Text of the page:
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Words Wednesday: Word Trivia

Words Wednesday logoMost people like trivia.

Those facts and figures which crop up from time but which are not really that useful…unless you go in for lots of quizzes and general knowledge competitions.

Then you might those useless facts you have stored away in your head to be very useful indeed.

Pneumonoultramicroscopicsilicovolcanokoniosis, a disease caused by inhaling
very fine silicate or quartz dust (45 letters), is the longest word in The Chambers
Dictionary.

It is followed by floccinaucinihilipilification, setting at little or no value (29 letters), and antidisestablishmentarianism, a movement against the removal of state recognition of the Church of England in the 19th century (28 letters).

There are a few one-syllable words with nine letters, making them the longest words
with one syllable: screeched is the one most often cited; it is joined by scratched,
scrounged, scrunched, straights, strengths and stretched.

A 15-letter word in The Chambers Dictionary containing each of its letters only once
is dermatoglyphics, meaning patterns of lines on the skin. Another word with these properties is uncopyrightable.

The longest English word in common use without a vowel is rhythms.
The words facetious, abstemious and arsenious contain all the vowels in the correct order.

The only word in English with five vowels in a row is queueing.

The only unhyphenated words with three pairs of letters in a row are bookkeeping
and bookkeeper.

Chincherinchee, a South African plant, has one letter that occurs once, two letters that occur twice, and three letters that occur three times.

The only word for an integer that has the same number of letters as its numeric value is four.

The only common word in English ending in -mt is dreamt.

Only four commonly used words end in -dous: tremendous, horrendous, stupendous, and hazardous.

Next week we will start looking at some word differences in American and British use of English.

* All words in this blog post have been supplied by The 12th edition of The Chambers Dictionary. ISBN 97805501002379

6 Responses to Words Wednesday: Word Trivia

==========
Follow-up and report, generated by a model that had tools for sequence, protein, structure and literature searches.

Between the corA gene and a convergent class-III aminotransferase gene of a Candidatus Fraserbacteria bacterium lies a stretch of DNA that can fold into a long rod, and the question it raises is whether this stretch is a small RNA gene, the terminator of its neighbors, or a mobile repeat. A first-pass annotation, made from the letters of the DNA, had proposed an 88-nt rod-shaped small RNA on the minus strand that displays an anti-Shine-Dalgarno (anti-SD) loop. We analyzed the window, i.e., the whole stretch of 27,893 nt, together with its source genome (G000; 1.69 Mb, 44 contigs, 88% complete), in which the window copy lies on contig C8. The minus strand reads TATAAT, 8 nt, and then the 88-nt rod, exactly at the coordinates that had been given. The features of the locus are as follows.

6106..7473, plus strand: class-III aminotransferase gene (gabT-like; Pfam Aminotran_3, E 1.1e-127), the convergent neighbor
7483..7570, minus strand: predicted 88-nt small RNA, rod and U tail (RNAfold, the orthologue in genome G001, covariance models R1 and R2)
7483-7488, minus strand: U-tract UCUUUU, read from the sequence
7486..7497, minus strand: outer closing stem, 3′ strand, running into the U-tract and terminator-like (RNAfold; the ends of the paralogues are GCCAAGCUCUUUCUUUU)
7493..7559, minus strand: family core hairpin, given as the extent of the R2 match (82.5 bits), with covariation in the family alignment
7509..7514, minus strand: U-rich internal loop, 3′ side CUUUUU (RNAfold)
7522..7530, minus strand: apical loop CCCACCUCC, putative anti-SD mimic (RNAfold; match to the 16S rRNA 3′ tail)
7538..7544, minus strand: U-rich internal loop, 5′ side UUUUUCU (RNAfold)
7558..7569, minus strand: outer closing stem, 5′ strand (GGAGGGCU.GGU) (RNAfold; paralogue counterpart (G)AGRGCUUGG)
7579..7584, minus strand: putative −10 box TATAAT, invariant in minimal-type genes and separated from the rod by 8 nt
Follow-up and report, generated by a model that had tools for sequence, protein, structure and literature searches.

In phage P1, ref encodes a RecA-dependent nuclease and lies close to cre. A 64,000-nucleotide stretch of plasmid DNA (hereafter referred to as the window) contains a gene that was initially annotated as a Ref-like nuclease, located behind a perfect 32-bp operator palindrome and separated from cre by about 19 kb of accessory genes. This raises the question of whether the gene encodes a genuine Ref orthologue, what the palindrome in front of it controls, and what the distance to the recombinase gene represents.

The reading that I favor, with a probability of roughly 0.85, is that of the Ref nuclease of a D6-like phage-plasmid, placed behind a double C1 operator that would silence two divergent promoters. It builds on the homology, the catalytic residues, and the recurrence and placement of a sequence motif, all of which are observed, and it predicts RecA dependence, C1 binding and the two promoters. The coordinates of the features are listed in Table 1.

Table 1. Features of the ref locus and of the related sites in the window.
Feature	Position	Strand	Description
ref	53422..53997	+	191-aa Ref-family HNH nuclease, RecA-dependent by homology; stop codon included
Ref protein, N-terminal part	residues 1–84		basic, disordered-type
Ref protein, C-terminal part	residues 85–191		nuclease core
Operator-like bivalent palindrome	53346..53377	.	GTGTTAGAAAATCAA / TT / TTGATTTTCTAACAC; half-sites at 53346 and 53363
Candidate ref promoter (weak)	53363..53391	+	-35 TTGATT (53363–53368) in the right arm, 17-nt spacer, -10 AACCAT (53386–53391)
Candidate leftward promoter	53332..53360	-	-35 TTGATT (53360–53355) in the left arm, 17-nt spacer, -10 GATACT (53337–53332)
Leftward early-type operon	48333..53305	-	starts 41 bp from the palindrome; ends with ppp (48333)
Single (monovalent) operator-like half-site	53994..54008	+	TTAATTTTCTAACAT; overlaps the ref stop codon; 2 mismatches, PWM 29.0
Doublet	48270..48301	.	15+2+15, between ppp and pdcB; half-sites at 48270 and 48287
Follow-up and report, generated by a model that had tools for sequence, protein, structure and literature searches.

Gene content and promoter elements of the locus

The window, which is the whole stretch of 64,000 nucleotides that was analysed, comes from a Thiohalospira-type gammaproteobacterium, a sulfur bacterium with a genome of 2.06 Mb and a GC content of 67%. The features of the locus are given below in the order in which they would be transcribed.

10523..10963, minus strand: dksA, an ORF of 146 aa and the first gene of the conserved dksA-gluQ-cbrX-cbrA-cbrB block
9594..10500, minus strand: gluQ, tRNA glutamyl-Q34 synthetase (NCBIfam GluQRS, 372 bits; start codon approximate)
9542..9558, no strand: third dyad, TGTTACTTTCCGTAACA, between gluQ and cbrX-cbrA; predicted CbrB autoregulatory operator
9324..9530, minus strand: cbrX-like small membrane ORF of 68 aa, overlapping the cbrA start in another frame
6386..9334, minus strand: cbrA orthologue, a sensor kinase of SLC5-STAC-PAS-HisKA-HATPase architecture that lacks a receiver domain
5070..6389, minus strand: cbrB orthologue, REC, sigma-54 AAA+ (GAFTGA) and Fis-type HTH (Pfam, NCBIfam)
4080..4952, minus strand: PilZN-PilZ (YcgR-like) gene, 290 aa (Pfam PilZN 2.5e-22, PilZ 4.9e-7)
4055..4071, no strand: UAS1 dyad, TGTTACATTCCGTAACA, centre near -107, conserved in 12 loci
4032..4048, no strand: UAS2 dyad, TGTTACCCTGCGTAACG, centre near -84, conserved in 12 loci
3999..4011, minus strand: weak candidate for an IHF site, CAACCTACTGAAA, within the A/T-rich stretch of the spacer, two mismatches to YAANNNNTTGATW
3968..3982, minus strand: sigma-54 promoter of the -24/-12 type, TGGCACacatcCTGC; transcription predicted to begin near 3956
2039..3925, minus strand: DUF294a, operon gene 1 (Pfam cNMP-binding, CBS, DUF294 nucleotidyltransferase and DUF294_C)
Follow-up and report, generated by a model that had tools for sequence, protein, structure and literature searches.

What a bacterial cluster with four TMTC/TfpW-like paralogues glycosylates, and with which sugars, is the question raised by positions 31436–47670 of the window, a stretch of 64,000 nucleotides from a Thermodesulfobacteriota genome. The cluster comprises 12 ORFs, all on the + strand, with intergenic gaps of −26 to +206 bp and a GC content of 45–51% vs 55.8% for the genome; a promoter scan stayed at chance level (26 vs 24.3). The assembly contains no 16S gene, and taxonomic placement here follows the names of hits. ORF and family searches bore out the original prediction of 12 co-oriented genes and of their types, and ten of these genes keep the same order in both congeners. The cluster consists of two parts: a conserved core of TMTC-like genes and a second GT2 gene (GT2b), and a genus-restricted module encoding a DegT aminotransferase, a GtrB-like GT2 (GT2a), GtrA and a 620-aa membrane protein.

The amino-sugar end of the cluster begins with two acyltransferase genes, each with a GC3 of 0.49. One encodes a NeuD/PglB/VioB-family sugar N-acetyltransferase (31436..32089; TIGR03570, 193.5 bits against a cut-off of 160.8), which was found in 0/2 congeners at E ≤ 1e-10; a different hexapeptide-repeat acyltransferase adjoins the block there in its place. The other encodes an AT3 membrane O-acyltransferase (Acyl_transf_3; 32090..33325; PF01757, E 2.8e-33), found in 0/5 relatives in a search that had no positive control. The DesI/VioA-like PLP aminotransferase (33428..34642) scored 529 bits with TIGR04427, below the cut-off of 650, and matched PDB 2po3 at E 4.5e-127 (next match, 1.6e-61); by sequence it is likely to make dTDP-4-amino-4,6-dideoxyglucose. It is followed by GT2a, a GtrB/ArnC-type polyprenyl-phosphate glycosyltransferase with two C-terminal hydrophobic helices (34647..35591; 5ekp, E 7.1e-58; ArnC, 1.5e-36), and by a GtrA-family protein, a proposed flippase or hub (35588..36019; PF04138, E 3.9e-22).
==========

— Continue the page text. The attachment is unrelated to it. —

1. Cristian Stan ROMANIA August 29, 2012 at 11:30 am #

    OMG! I didn’t even know such words exist! Pneumonoultramicroscopicsilicovolcanokoniosis? It’s so hard to pronounce. I look forward to reading the post from next Wednesday. I know there are a few grammar differences between American and British English.
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    • Patrick Griffin
      Twitter:
      UNITED KINGDOM
      August 29, 2012 at 6:44 pm #

      Hi Cristian.
      Yes those words are pretty hard core indeed.
      I have not even attempted to pronounce any of them!
      But I love a challenge so let’s have a go…

      Pneumonoultramicroscopicsilicovolcanokoniosis

      I would pronounce it like this…

      new-mono-ultra-microscopic-sili-volcano-koni-osis.

      P.
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      • Cristian Stan ROMANIA August 31, 2012 at 12:02 pm #

        :)) Patrick, you’re one in a million! I love your sense of humor. I’ve shown this post to my friends and he had a contest: who can pronounce such words – of course, I didn’t win :)
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        • Patrick Griffin
          Twitter:
          UNITED KINGDOM
          September 1, 2012 at 3:34 am #

          Hi Cristian,
          I am glad you like the words and well done for having a go at pronouncing them. I only tried it with one of them!
          P.

  2. Michael Davis September 3, 2012 at 2:55 pm #

    I truly learned something new from this post. Really amusing post!
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